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Civil Law of Damages: Damages for Wrongful Death: A Consultation Paper



A victim may claim for loss suffered up to the date of proof and also for future loss: Scottish Law Commission, Report on Damages for Wrongful Death, September 2008


3.01 Where the deceased has settled their claim before death, he or she would receive compensation under the following heads: pain and suffering (both past and future); loss of expectation of life; loss of earnings up to the date of the award; and, loss of future earnings based on the notional date of death as if he or she had not been injured. The first and second of these four heads of compensation represent non-patrimonial loss. The third and fourth heads represent patrimonial loss.

3.02 Where an injured person dies, and his or her claim has not been settled, it transmits to that person's executor who may make a claim on his or her behalf. However, the executor's claim is limited to patrimonial and non-patrimonial loss attributable up to the actual date of death. The executor's claim does not cover future loss, attributable to the period after death ("the lost period"). Monies recovered by the executor will pass into the deceased person's estate.

3.03 Where a person dies instantaneously as a result of another person's wrongful action, the deceased's executor cannot raise a claim on behalf of the victim's estate. This is because the deceased would not have endured pain and suffering and would not have been aware that his expectation of life had been reduced.

3.04 In this area, probably the most significant recommendation in the SLC's report relates to the calculation of the victim's reasonable living expenses for the lost period.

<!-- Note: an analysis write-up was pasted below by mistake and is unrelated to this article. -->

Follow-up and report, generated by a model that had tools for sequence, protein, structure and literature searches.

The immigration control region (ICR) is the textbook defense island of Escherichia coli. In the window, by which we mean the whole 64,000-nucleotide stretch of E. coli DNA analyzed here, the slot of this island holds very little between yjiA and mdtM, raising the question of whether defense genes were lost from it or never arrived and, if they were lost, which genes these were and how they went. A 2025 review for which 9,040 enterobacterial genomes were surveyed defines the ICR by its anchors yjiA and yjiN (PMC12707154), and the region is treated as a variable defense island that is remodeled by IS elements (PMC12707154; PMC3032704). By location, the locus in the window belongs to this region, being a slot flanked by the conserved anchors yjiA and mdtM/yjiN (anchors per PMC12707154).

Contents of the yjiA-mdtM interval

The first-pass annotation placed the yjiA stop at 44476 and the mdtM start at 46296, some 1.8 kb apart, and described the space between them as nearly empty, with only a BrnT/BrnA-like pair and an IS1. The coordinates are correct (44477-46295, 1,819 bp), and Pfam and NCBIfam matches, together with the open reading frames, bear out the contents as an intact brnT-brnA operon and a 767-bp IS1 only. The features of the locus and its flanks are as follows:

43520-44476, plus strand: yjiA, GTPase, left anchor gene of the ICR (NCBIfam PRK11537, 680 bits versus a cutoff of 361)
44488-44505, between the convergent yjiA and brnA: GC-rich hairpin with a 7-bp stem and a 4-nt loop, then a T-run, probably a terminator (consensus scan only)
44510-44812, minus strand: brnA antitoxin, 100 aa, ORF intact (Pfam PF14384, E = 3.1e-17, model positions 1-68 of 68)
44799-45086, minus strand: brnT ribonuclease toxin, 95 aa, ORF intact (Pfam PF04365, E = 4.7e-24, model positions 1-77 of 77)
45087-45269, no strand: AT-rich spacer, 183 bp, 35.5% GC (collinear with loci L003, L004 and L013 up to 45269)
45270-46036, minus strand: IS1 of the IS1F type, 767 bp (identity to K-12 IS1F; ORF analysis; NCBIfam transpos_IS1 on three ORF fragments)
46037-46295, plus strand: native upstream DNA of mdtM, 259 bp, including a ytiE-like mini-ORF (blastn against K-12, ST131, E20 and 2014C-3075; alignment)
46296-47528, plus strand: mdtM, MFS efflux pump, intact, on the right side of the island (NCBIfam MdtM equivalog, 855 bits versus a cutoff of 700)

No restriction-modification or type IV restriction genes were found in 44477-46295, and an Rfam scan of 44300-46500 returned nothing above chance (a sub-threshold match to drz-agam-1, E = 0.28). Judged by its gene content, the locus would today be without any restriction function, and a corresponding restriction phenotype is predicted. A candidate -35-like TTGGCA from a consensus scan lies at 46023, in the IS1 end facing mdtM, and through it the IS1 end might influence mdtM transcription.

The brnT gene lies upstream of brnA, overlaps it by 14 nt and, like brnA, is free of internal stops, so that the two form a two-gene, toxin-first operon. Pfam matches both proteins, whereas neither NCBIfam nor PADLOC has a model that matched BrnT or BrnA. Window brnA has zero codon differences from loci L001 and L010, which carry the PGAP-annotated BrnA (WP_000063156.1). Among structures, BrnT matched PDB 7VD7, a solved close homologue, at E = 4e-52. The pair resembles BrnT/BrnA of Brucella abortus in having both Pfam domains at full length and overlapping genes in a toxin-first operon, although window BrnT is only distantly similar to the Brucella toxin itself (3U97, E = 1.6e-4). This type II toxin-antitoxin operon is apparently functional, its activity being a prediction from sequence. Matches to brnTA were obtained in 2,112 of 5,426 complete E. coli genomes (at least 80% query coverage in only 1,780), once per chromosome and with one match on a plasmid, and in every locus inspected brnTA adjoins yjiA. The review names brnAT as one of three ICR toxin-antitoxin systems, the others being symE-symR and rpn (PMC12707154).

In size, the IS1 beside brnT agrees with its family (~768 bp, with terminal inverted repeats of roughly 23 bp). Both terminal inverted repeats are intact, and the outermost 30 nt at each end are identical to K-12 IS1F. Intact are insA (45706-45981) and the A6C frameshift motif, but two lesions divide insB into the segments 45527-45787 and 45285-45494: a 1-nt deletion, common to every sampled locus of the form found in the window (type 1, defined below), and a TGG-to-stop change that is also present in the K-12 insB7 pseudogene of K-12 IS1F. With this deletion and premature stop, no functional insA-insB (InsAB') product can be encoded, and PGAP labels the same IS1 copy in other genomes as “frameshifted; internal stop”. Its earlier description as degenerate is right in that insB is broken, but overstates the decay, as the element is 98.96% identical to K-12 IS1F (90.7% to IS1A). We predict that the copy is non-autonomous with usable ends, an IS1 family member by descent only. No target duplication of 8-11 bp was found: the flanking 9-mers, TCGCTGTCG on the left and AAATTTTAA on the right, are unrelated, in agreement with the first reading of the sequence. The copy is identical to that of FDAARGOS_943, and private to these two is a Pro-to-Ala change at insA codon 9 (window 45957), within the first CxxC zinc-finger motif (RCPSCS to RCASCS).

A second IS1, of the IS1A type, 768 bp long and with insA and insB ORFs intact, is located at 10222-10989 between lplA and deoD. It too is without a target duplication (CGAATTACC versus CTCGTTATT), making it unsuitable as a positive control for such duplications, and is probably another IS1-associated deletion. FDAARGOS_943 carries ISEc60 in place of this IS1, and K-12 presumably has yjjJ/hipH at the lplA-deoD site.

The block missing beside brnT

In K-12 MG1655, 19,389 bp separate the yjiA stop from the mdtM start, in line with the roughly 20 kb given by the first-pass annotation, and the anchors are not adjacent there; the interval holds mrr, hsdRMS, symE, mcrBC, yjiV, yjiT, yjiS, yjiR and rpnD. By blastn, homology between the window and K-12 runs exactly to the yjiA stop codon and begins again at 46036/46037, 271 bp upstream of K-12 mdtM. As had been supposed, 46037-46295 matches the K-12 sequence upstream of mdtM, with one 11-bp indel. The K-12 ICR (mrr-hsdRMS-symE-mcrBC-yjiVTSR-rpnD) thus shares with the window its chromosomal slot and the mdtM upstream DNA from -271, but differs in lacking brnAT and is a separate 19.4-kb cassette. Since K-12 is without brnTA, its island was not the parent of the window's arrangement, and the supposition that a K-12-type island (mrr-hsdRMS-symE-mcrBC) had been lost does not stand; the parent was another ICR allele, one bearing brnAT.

(A) Patrimonial Loss: Calculation of the Victim's Reasonable Living Expenses for the Lost Period

3.05 In discussing the issue 10, the SLC noted general acceptance of the proposition that, after the victim's likely income for the lost period had been calculated, it was appropriate - as has long been the case - that their reasonable living expenses in that period should be calculated and deducted from that income level. The SLC explained the rationale for such a deduction in this way:

" Damages for patrimonial loss during the lost period are intended to be compensatory only. A deduction has to be made for the victim's reasonable expenses as they would have been incurred by the victim during that period if he was not going to die prematurely: failure to do so would result in over-compensation."

3.06 As regards the mechanism for giving effect to this policy, the SLC explicitly noted " the absence of any reported Scottish cases" and the implication that under the current approach - which involves personal living expenses being calculated on a case-by-case basis, so that in principle the most extravagant individuals would incur the greatest deductions for living expenses - " difficulties may be more theoretical than real". The SLC report also recorded that "we have been informed that in practice in settlement negotiations the victim's reasonable living expenses are agreed without too much difficulty".